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UPDATED: Rebuilding fund established for Aurora United Church

April 11, 2014   ·   0 Comments

By Brock Weir

UPDATED: A rebuilding fund has been set up to take donations for Aurora United Church. People interested in contributing to the “Aurora United Church Rebuilding Fund” are now being accepted through the Bank of Montreal in account number 03038976766.

Demolition crews are undertaking the difficult task of bringing down portions of Aurora United Church after a blaze reduced the nearly 140-year-old Aurora landmark to ruins on Friday.

The Aurora United Church was located at the foot of Church Street and Yonge Street, and had been the spiritual home for over seven generations of Aurora residents.

Volunteers were beginning to arrive at the church on Friday morning to prepare for Palm Sunday services, while children played in the off-site day care centre when the blaze broke out on the roof of a recent addition to the building.

CYFS Deputy Fire Chief Paul Leslie, accompanied by Newmarket-Aurora MPP Frank Klees, update the media amid the smoke just after 3 p.m.

CYFS Deputy Fire Chief Paul Leslie, accompanied by Newmarket-Aurora MPP Frank Klees, update the media amid the smoke just after 3 p.m.


Roofers were undertaking restoration work at the time, combatting a series of leaks which had already been impacting the church.

The alarm was sounded with a call to 9-1-1 at approximately 10.25 a.m. with reports of a structural fire at the church. When the Central York Fire Services (CYFS), York Regional Police, and York Region EMS arrived on the scene, smoke was visible coming from the roof, but the fire soon began to rage.

“Our first crews arriving to set up made an aggressive attempt to knock the fire down,” said CYFS Deputy Chief Paul Leslie. “Our crews acted very diligently and acted quickly to try and suppress the fire, recognizing church fires are very difficult to fight once they get going. Unfortunately, we weren’t able to get a leg up on it.”

Business owners, area residents, and students on their lunch breaks gathered in alleys along Yonge Street, and lined Tyler Street and Temperance Street to watch the landmark, for some, their life-long place of worship, burn. Spectators were eventually moved off Tyler Street once it became engulfed in black smoke.

By the early afternoon, it was clear the fire crews were fighting a losing battle against the blaze.

“We had to pull our crews back as a result of deteriorating conditions with the fire. Eventually the fire worked its way through the roof,” said Leslie, noting they then had to deploy their aerial streams of water directly onto the church roof. “The nature and the types of these fires was such it was very difficult to get to the scene of the fire with the roof structure still in place. It is a conundrum because you can’t get at it from inside and you can’t get at it from the outside until the roof starts to give way. When the roof at the rear started to collapse, that exposed the rear side and we were able to put it out quickly.

The heavy beams which characterized the inside of the church were reduced to cinders as fire gutted the historic landmark.

The heavy beams which characterized the inside of the church were reduced to cinders as fire gutted the historic landmark.


“Once the rear roof started to collapse, we were actually able to get into the scene of the fire with our hose streams and did a very effective job of knocking the fire back down. Unfortunately, the fire progressed through to the main roof of the church and as that started up to the main interior, it fuelled the fire more and it started to build across the front of the church as well.”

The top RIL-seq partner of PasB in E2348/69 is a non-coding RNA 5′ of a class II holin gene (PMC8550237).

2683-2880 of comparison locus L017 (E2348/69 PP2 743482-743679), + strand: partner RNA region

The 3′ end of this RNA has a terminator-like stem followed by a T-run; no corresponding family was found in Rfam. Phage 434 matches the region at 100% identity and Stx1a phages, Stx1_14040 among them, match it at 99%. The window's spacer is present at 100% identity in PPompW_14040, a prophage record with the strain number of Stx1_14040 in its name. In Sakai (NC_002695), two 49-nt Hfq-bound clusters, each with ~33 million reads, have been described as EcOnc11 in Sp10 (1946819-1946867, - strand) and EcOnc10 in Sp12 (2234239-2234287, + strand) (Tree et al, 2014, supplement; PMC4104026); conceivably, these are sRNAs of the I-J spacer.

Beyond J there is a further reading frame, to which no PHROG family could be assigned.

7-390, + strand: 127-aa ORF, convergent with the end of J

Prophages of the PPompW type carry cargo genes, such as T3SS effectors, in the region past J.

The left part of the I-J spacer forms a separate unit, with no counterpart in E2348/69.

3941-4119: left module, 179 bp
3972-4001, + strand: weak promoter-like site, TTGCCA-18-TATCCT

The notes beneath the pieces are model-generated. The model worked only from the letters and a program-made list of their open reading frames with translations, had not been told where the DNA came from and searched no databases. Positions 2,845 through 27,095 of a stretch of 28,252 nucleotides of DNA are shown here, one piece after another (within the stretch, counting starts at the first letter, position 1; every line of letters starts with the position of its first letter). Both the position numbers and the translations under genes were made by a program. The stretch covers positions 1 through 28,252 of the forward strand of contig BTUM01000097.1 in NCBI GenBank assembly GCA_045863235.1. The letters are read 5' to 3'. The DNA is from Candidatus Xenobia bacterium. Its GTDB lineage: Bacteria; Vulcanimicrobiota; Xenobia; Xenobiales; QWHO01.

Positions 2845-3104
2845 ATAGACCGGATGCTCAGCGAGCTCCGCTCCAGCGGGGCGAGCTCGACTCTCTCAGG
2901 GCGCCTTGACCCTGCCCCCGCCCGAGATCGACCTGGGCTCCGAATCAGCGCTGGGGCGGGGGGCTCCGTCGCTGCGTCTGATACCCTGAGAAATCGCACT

Nearly 70 firefighters were on the scene to fight the blaze, not only from the CYFS, but also crews from King Township, Whitchurch-Stouffville, East Gwillimbury, and Vaughan. Additional crews were also brought in from Georgina and Markham to help cover the rest of the area normally serviced by the CYFS.

York Regional Police and EMS were at the scene from the start, also helping to direct traffic after Yonge Street was closed from Wellington Street to Kennedy.

Several surrounding businesses were closed, and six homes were evacuated.

One resident was treated for respiratory problems, and two firefighters were taken to Southlake for observation after receiving minor injuries with “irritants.”

The Aurora Public Library was also closed due to the fire, as was the Aurora Cultural Centre, which cancelled the rest of the day’s programming, including a concert.

“It has been a long and difficult challenge to get the fire to where it is,” said Leslie as the fire began to subside around 5.45 p.m. “We will be on site monitoring it and making sure it is out and dealing with smoldering embers inside.

“We have representatives from the property’s insurance company to assist us with any demolition we may need to ensure the fire is completely out. At that point, we will turn it over to the property’s agents and they will be providing security on the building to prevent unauthorised access.”
Leslie added he anticipated the cause of fire to be released on Saturday.

“With the cooperation of a number of early witnesses to the fire, I think we will wrap the investigation itself up quite quickly. We have some good witness statements from early stages that will enable us to identify the cause very quickly. The focus of our investigation is going to be the fact the roofers were on the scene working at the time of our arrival.”

         

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